African American artist Lois Mailou Jones fought racial prejudice in the 1940s by having a white friend submit her work to white-only art exhibits.
That fact was among dozens Denver Viasat employees learned while playing a customized version of Bingo during Black History Month. It’s one of many ways Viasat employees in Carlsbad and Denver are celebrating the month.
The Viasat African American Professional Alliance (VAAPA), formed in 2017 on the Carlsbad campus, sponsors the celebration.
“I thought it would be nice for us to shed some light on our history, and involve our colleagues,” said Ericka Parker, a talent acquisition recruiter who helped create and leads the organization. “Black History Month gives awareness to people who may not necessarily know about the contributions blacks and African Americans have made in technology, science and medicine. There’s lot more to our history than sports and entertainment.”
The annual tribute to African Americans is observed in the U.S., Canada, the United Kingdom and the Netherlands.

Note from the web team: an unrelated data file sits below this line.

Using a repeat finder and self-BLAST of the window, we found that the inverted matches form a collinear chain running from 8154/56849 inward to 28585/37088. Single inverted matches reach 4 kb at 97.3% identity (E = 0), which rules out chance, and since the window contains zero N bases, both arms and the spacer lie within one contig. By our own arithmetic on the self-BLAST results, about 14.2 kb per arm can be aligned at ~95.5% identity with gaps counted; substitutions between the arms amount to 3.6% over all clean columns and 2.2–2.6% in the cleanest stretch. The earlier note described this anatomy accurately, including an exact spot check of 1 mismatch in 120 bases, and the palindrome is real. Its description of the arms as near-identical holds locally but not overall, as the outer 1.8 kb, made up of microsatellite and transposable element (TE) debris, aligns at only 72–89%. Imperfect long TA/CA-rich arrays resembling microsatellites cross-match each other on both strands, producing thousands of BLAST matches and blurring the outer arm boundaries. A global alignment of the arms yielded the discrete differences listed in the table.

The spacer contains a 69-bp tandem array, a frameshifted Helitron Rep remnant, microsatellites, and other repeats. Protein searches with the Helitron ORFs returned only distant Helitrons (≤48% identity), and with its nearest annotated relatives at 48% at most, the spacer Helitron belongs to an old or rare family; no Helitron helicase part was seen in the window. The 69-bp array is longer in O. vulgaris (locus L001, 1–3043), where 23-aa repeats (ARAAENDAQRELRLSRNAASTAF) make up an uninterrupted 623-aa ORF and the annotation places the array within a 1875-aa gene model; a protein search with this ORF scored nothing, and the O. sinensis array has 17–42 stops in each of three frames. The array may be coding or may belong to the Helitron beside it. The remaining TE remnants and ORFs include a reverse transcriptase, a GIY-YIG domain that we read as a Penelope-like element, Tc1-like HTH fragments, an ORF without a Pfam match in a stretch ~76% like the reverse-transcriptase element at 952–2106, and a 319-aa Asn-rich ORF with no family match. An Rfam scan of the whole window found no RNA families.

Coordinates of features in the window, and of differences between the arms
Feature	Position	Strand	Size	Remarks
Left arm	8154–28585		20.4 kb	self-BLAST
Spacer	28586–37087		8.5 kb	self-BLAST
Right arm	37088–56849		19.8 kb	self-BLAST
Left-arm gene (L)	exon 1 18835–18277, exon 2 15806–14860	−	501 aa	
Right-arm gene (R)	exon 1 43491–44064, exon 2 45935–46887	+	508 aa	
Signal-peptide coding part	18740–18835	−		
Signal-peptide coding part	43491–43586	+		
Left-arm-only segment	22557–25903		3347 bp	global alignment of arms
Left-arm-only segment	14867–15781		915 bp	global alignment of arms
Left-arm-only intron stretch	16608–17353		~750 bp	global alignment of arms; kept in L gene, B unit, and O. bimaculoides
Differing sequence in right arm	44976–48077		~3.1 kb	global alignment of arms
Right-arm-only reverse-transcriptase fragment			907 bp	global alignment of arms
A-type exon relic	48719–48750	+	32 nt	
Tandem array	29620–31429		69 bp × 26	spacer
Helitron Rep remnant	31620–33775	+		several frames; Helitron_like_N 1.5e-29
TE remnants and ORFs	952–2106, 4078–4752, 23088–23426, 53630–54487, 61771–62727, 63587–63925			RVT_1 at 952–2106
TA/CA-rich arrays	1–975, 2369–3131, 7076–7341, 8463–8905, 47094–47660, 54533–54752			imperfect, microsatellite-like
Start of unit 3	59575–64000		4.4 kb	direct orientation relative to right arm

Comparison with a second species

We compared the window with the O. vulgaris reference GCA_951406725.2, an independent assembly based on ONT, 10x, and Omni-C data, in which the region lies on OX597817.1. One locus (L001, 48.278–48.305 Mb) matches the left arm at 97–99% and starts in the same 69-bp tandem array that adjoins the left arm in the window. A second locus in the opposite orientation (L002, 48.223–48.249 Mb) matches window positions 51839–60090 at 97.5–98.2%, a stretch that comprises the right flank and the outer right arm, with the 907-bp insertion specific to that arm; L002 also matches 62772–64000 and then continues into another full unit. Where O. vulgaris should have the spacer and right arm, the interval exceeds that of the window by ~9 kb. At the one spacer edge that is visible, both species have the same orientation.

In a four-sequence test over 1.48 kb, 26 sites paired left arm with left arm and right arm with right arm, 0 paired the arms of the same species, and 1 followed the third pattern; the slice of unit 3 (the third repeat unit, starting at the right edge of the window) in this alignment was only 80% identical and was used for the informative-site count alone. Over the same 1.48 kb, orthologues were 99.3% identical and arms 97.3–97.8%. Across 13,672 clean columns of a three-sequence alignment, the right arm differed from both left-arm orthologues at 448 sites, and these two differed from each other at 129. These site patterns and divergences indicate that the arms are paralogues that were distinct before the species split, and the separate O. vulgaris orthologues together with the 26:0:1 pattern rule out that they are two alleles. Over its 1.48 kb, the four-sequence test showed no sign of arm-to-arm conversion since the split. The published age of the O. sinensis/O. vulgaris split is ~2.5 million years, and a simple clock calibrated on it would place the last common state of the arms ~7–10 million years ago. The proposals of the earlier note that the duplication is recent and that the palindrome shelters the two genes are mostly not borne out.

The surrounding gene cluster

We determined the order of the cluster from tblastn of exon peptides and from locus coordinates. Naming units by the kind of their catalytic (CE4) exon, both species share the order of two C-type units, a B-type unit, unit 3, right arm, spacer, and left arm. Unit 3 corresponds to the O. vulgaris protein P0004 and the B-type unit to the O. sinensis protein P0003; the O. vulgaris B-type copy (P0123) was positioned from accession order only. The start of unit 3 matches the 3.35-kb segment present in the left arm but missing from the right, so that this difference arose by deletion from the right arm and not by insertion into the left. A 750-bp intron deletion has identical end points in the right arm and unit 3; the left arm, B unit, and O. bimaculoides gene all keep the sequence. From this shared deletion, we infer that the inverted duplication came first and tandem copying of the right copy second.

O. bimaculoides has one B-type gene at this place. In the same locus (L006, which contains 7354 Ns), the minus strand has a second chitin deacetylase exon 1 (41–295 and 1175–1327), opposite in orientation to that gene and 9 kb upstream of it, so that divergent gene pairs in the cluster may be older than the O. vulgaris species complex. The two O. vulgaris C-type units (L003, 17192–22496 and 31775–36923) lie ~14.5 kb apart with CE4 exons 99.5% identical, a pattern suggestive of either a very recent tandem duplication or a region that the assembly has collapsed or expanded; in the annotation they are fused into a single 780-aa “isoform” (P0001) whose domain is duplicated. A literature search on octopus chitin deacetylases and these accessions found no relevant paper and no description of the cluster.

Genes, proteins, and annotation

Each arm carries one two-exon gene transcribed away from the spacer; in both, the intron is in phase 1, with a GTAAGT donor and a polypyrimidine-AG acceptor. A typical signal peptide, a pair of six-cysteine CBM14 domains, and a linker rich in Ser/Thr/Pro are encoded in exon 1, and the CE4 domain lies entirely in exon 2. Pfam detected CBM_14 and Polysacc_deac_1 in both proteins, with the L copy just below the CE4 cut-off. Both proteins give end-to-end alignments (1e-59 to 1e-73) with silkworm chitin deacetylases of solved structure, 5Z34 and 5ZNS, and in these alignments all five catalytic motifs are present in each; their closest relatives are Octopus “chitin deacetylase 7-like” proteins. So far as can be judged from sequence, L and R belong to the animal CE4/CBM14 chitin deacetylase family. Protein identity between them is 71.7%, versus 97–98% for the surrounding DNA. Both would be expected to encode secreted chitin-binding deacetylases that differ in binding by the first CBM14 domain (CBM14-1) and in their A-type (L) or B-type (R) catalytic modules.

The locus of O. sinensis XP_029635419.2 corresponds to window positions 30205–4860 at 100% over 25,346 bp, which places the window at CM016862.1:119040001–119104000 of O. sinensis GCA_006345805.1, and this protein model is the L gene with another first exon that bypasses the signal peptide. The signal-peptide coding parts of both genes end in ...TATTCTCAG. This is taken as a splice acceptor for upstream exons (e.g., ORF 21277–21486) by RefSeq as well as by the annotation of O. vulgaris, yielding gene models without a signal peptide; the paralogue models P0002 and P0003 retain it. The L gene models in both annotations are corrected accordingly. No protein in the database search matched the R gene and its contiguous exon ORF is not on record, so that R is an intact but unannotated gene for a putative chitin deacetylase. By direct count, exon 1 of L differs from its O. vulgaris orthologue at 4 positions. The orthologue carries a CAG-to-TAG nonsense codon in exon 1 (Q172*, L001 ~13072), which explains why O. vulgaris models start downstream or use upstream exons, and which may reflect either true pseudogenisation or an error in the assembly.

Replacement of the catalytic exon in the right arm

“Black History Month gives awareness to people who may not necessarily know about the contributions blacks and African Americans have made in technology, science and medicine. There’s lot more to our history than sports and entertainment.”
VAAPA’s Carlsbad and Denver chapters marked the month with guest speakers, a themed lunch, the creation of a miniature black history museum and a 1920s custom contest in a recreated speakeasy.
The light-hearted events have a serious objective. Many events and figures central to African-American history aren’t noted in textbooks, and the designated month aims to bring those efforts to light.
“I think a lot of things about the history of our race are getting lost,” said Gerald Brewer, a member of the Denver VAAPA. “If you don’t highlight them, you lose the sense of who you are and what you’ve accomplished.”
Brewer points to a rapidly changing Denver neighborhood called Five Points. Once known as the “Harlem of the West” for its thriving African American culture and jazz scene, it’s now undergoing dramatic redevelopment.
“With the gentrification that’s happening there, we may lose that valuable history if we don’t pay attention,” he said.
The need for awareness extends beyond history to today’s workforce, Parker said. While Viasat and other companies are making efforts to turn the tide, the tech industry is often criticized for its lack of diversity.
“We need to continue to be intentional with our recruiting efforts if we want to see more diversity,” she said.
Echoing that sentiment, Brewer said he’d like to see increased awareness on the contributions of all minorities.
“This shouldn’t just be about our race, but about other races, immigrants and women,” he said. “I’d like us to continue to focus on inclusion overall.”